dedicated power line

I am in the process of having and electrician upgrade our home service to 200 amps. While he is at this it is quite easy for him to run a dedicated line for my hifi closet. What are the cost effective measures that i can have him put in place that have proven to upgrade sonic (and for that matter video) performance.

Hi Neil, I think the basic cost effective way is to run two dedicated 20 amp lines, one for analog and one for digital, with good quality wire, 20 amp breakers, and 20 amp outlets, but not hospital grade.
Make sure he wires them on the same phase leg. Otherwise, you might get a ground loop.
Not hospital grade, get better ones; it makes a major difference. I don't know exactly what you mean by 20 amp outlets, the current is carried in the wire and while a 20 amp breaker is different than a 15 the receptacles I use are labeled neither and while the female end of a 20 power cord differs from a 15 amp cord the male end is the same. So I assume they can be used on either, I have mine on both. They are much better built than ordinary ones. I use 2 20 amp lines and have used one for analogue and one for digital but have found I get better sound by putting my power amp and one powered sub on one and the other sub and everything else on the other. I use a PS Audio Quintet to isolate the digital and analogue equipment on that side. YMMV.
Depending on where you live, you may want to CONSIDER a whole-house lightning / surge protector. They are not expensive and may save you some grief down the line....and, during an upgrade as you suggest, easy to do.

While your electrician is at it, you may want to have him install a more robust ground. Since he has to disconnect the service to install a new 200 amp box anyway, a better ground can make a big improvement. You should have both circuits on the same leg and ideally opposite of your major appliances.
Receptacles are rated for either 15a or 20a, but as you said, some are not labeled. Should be on the original spec sheet.
agree with all posters but now is the time to put a surge, lightning supressor on the box.

01-28-11: Davetherave
"And don't forget to put those little stands under all the wires."

Davetherave, now that is just silly. How will the electrician get stands into the walls? My guess is he will just pull the Romex through holes in the wall studs and let the studs hold them up.

Or were you implying that taking steps to improve the power from the main panel (dedicated lines, isolation transformer, power filtering, reducing ground loops, avoiding induced ground voltages, spike/surge protection, outlets that make better contact) deliver the same demonstrated audio/video improvement as cable elevators?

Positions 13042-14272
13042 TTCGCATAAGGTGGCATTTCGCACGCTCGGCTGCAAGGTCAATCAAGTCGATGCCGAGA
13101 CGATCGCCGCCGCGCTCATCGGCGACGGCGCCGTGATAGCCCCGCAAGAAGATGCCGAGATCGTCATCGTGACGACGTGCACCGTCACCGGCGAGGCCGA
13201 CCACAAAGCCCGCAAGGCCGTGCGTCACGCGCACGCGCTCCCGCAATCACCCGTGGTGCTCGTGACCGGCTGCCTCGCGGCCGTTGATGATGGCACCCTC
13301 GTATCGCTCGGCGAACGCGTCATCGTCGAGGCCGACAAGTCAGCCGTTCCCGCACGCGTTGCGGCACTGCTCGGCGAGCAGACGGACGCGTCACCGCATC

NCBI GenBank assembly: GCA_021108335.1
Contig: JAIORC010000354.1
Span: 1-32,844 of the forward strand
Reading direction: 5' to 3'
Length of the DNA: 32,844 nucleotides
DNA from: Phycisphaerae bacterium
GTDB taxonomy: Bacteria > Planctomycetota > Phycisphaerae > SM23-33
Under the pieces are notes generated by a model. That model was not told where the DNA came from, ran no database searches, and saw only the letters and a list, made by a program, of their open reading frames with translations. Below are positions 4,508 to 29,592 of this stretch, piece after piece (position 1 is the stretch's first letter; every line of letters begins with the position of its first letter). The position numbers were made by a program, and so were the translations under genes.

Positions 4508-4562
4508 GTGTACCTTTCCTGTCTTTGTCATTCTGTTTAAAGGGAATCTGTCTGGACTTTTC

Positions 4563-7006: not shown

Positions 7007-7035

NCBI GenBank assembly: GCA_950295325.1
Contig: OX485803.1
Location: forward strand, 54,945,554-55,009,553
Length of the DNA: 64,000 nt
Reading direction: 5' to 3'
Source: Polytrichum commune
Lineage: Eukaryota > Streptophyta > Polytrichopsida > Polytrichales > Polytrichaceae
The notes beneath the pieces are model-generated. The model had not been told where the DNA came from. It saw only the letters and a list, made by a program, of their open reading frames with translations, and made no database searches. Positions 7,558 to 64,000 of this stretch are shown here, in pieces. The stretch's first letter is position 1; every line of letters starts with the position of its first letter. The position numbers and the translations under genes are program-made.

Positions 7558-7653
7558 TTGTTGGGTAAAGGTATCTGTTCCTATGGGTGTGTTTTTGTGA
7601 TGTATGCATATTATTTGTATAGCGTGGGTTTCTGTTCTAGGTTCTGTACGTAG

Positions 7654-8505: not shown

(tongue firmly in cheek)
I'm hoping someone can tell me about romex 10ga. vs. 10ga. wire that comes from a co. called Colonial, it says 600V on the wire. Will this wire do for dedicated lines? Thanks all for your responses.
Thank you all for this fantastic feedback. Reading through the above posts and other threads on this forum, i was thinking about running the following to my AV closet:
1 x 20 amp circuit terminated with a single receptacle; this will be used for by 12 channel ATI amp
1 x 15 amp circuit terminated with quad box; to be used for pre-amp, active crossover module for speakers and turntable
1 x 15 amp circuit terminated with quad box; used for DAC, Blu-ray
1 x 15 amp circuit terminated with quad box; used for TV, Mac Mini, Cable modem and external drives.

20 amp circuit to run with 10awg. All 4 circuits to be terminated on same leg at fuse box, opposite polarity to rest of house?
I'm hoping someone can tell me about romex 10ga. vs. 10ga. wire that comes from a co. called Colonial, it says 600V on the wire.
01-28-11: Phillykid


Building wire for power, (120V up to and including 480V carries a 600 V rating. The conductors inside of the sheath of NM-B, Romex trade name, is THHN 600V insulation rated.

Sorry, I do not have any first hand knowledge of
Colonial Wire. If the wire is single conductor it should have the type of insulation used. THHN, THWN, XHHW....

JMHO, use solid core copper wire instead of stranded....
Just to clarify the 15 amp vs 20 amp outlet, it's pretty easy to tell them apart by just looking at the front. Looking at the front of the 15 amp outlet you will see the two vertical slots and the round ground hole. With a 20 amp outlet there is a small horizontal slot coming off one of the vertical slots. Do a google images search for 20 amp outlet and you will see what I'm saying. By code though you should only use a 20 amp outlet on a 20 amp circuit.

I have found 10 gauge to be a bit excessive particularly for the length of runs we are talking about in a typical house. It's very stiff and difficult to work with especially stuffing it into the wall box with the outlet attached. I used 12/2 Romex with my dedicated 15 amp line to two 15 amp outlets and it's been a very worthwhile improvement to my system.
Hi Neil,
Did you notice any improvement with dedicated circuits ?
What electrical panel did you use ?